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market clearing

The process of moving to a position where the quantity supplied is equal to the quantity demanded, or the assumption that economic forces always ensure the equality of supply and demand. ...

Australian Securities Exchange

Australian Securities Exchange   Quick reference

Kenneth Morgan

Dictionary Plus Society and Culture

Reference type:
Subject Reference
Current Version:
2016
Subject:
Society and culture
Length:
64 words

...Australian Securities Exchange ASX Limited, an Australian public company, operates the Australian Securities Exchange. It was formed in July 2006 . It has a market capitalization of AU$1.6 trillion, and is one of the world’s fifteen top-listed exchange groups. Based in Sydney, ASX is a market operator, clearing house, and payment systems facilitator. The Reserve Bank of Australia (RBA) oversees ASX’s financial operations. Kenneth...

kangaroos

kangaroos   Reference library

Barbara Santich

The Oxford Companion to Food (3 ed.)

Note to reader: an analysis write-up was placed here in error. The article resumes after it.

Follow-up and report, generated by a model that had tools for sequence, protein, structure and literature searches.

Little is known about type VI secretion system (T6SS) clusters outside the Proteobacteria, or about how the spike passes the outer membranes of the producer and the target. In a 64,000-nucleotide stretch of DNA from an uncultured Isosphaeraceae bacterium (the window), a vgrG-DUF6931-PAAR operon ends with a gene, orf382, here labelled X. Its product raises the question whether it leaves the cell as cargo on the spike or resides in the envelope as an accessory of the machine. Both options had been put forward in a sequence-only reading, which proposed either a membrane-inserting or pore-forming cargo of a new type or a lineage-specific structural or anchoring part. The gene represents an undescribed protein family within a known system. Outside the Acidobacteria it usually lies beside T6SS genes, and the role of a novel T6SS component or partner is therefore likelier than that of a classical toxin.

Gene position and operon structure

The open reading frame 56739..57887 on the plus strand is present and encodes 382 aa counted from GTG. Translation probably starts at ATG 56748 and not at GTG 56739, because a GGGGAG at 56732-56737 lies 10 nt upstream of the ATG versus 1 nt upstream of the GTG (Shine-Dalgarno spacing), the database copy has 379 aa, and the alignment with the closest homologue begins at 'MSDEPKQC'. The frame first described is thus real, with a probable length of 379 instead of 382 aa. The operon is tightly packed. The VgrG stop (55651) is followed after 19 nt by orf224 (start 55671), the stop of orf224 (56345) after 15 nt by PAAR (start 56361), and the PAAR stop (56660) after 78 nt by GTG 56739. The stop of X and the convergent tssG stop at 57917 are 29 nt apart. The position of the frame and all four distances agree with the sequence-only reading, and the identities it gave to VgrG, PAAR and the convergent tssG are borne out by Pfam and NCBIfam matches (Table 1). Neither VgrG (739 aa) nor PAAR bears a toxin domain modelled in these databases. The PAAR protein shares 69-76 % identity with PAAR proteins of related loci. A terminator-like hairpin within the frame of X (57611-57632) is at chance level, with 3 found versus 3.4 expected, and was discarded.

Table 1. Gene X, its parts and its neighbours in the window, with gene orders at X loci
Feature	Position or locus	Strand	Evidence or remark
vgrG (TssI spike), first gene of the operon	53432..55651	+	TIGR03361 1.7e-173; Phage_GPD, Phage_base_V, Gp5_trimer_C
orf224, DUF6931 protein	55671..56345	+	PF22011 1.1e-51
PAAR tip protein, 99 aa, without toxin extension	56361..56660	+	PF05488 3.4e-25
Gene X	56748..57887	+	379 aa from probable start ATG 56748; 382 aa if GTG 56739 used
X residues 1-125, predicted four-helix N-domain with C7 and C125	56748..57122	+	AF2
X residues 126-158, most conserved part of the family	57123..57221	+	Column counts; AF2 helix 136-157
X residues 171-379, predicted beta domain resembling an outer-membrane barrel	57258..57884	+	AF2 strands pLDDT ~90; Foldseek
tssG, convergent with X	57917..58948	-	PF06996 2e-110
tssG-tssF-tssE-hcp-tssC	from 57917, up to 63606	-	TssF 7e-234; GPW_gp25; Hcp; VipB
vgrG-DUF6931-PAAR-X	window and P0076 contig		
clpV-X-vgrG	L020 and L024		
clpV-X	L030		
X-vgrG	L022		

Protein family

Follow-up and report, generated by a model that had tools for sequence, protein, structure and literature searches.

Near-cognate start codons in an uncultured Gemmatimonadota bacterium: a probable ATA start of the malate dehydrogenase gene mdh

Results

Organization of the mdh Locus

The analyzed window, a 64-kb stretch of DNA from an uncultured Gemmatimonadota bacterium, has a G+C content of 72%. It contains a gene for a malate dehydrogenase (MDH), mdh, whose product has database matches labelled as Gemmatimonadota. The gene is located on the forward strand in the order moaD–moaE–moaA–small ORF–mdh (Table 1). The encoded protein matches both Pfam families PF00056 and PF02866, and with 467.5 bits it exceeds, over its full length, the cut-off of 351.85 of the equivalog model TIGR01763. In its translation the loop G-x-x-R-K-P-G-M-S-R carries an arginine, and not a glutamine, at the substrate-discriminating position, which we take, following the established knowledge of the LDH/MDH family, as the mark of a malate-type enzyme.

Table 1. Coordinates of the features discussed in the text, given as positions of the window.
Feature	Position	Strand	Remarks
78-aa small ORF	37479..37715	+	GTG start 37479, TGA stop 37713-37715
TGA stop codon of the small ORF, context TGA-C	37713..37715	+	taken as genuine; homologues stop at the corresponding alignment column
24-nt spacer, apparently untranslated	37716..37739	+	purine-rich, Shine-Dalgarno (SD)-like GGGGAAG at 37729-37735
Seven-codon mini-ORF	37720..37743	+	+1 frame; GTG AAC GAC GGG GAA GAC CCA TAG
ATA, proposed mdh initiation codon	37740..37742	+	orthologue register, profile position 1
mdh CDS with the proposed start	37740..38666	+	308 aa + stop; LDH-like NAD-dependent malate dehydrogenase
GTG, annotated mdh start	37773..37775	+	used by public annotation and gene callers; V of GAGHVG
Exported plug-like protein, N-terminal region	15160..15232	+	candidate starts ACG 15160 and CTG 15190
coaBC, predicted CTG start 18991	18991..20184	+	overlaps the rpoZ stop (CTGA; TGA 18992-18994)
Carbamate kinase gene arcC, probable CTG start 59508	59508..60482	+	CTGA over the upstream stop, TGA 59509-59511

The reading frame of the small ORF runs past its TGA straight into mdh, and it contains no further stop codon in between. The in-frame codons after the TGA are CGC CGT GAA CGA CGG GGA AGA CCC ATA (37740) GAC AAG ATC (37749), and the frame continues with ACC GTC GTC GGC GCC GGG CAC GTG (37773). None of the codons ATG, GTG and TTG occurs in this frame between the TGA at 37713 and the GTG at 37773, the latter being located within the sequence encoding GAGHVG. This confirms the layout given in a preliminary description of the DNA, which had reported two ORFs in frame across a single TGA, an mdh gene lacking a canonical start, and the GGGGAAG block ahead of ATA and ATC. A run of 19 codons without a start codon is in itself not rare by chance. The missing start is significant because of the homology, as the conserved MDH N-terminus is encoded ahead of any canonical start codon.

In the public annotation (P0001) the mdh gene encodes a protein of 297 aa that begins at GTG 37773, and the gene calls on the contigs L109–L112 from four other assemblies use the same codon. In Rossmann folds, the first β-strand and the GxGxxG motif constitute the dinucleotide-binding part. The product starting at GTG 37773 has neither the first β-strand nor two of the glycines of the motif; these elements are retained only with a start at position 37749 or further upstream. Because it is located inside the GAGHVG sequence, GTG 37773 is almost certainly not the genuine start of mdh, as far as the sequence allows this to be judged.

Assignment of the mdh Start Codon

Reference type:
Subject Reference
Current Version:
2014

...Moresby markets. May reports that the flesh is tough and a little like rabbit in taste. Kangaroo was also eaten by white settlers in the early colonial period, selling for sixpence a pound in Sydney in 1796 (when imported salt pork cost one shilling per pound). It was the principal source of fresh meat in Van Diemen’s Land (Tasmania) for its first years, and in the 1840s could still be readily purchased in Hobart Town. Explorers and adventurers relied on kangaroos to supplement the minimal provisions they carried, while colonists occupied in clearing land,...

German history

German history   Reference library

Tom Scott, Tom Scott, Tom Scott, Tom Scott, Tom Scott, Tom Scott, and Tom Scott

The Oxford Companion to Wine (5 ed.)

Reference type:
Subject Reference
Current Version:
2023
Subject:
Society and culture, Cookery, Food, and Drink
Length:
5,025 words
Illustration(s):
2

...selected new sites, while at the same time prohibiting the clearing of land for vines where only poor quality could be expected. In what is now the mosel , for instance, the Abbey of St Maximin had been replanting at Grünhaus on the ruwer since 1695 ; as many as 100,000 new cuttings, it has been reckoned, were put down. But at the other end of the scale, more land was constantly being taken in by small growers, so that the prince-archbishops of Trier issued an edict in 1720 banning the clearing of forest for new vineyards. In 1750 , another decree...